Current source schematic

Discussion in 'The Projects Forum' started by bart_dood, Jul 15, 2010.

  1. bart_dood

    Thread Starter New Member

    Jul 14, 2010
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    Hi Folks, I am new to the forum and am hoping someone can help me with a small project I am doing.
    I've been working on this for a while but had some frustration getting it working, it would seem like a very simple circuit..

    Basically I am looking for a constant current source, I want to run a constant 200mW power through a 120 ohm resistor, my supply voltage is 13-14 volts.
    At this point my latest design consists of one op-amp feeding a P channel mosfet or a PNP transistor which supplies the 120ohm resistor which is in series with another small resistor (about 20 ohms acting as a potential divider). The fet/pnp is fed at its gate/base from the output from the op-amp, the op-amp positive input goes to an adjustable voltage reference, the inverting input goes to the junction of the 20/120 ohm resistors. I added some capacitors to prevent oscillation which I know is a problem in these circuits.

    I based this around some info I found during google searches.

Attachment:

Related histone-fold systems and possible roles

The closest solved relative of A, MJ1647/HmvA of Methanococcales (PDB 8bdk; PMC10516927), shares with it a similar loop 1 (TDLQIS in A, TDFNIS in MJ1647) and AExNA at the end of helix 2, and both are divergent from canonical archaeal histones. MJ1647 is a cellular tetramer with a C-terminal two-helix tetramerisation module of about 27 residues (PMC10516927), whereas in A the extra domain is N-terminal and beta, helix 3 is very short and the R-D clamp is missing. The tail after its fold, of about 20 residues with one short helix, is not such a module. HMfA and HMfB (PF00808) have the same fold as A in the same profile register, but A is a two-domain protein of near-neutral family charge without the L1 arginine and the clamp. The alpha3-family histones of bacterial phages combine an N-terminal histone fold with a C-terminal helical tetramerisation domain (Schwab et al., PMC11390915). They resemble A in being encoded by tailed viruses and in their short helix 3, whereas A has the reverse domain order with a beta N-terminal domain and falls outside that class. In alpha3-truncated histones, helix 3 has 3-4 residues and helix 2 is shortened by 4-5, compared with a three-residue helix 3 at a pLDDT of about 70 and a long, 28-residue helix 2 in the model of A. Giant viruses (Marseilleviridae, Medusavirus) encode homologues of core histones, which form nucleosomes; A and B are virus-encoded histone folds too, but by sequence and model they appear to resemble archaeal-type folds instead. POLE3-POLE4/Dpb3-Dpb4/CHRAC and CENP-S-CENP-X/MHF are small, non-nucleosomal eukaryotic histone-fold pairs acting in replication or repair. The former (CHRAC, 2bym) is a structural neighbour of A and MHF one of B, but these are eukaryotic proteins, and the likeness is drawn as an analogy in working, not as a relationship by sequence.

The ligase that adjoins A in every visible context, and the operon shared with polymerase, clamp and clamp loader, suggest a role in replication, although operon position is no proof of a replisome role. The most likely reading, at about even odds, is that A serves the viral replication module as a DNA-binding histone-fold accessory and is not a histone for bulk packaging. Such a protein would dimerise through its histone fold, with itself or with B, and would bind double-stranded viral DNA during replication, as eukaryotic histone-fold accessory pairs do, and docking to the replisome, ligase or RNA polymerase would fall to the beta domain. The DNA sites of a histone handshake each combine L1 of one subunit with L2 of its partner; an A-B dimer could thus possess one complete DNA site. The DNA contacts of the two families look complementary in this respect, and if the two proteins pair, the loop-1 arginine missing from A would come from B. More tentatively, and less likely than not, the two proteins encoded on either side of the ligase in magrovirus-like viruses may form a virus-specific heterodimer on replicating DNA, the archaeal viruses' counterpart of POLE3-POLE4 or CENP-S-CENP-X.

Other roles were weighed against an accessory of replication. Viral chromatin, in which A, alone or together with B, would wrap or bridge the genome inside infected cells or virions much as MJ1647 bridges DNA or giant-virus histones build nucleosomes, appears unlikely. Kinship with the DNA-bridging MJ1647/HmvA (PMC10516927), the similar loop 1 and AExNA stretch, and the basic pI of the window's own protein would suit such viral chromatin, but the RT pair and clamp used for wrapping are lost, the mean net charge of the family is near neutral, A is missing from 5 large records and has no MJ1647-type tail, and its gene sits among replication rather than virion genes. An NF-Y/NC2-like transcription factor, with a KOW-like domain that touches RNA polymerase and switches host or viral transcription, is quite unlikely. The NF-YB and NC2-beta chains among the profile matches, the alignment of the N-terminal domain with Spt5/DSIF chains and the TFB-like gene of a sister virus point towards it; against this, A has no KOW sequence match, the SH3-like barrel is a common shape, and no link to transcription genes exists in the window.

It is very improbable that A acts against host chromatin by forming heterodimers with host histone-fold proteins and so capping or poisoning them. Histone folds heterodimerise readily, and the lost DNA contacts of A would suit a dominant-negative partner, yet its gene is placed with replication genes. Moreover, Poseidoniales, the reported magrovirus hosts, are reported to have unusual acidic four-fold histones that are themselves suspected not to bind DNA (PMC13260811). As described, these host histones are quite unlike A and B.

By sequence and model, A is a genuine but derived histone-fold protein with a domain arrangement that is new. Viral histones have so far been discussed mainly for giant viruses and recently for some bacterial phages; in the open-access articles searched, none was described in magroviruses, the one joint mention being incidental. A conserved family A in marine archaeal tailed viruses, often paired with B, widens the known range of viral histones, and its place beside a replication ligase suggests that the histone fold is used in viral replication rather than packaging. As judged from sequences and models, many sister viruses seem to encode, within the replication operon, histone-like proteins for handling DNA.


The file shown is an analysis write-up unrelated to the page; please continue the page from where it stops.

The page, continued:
I can't get the thing to work....at all...I've attached an image from wikipedia of a similar layout, except I have removed the resistor on the left and the zener diode and replaced it with an adjustable voltage source.

    Thanks for all the help, this has been driving me nuts for two weeks now...
     
  2. lightingman

    Senior Member

    Apr 19, 2007
    374
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    The load would normaly be on the collector side of the transistor...
     
  3. steveb

    Senior Member

    Jul 3, 2008
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    It would be better if you can post the exact schematic.

    The big red flag here is that your real circuit is using PNP, while the posted schematic is using NPN. The first thing that comes to my mind is to check to see if you have accidentally created positive feedback. You need negative feedback for this circuit to work. However, without the correct schematic, we can't be sure.

    Even if you have the correct polarity on the feedback, you can still get instability (i.e. high frequency positive feedback), but again without the exact schematic showing the OPAMP type and exact components, there is no way for us to tell. For example, do you have filter caps on the power supply?
     
  4. bart_dood

    Thread Starter New Member

    Jul 14, 2010
    22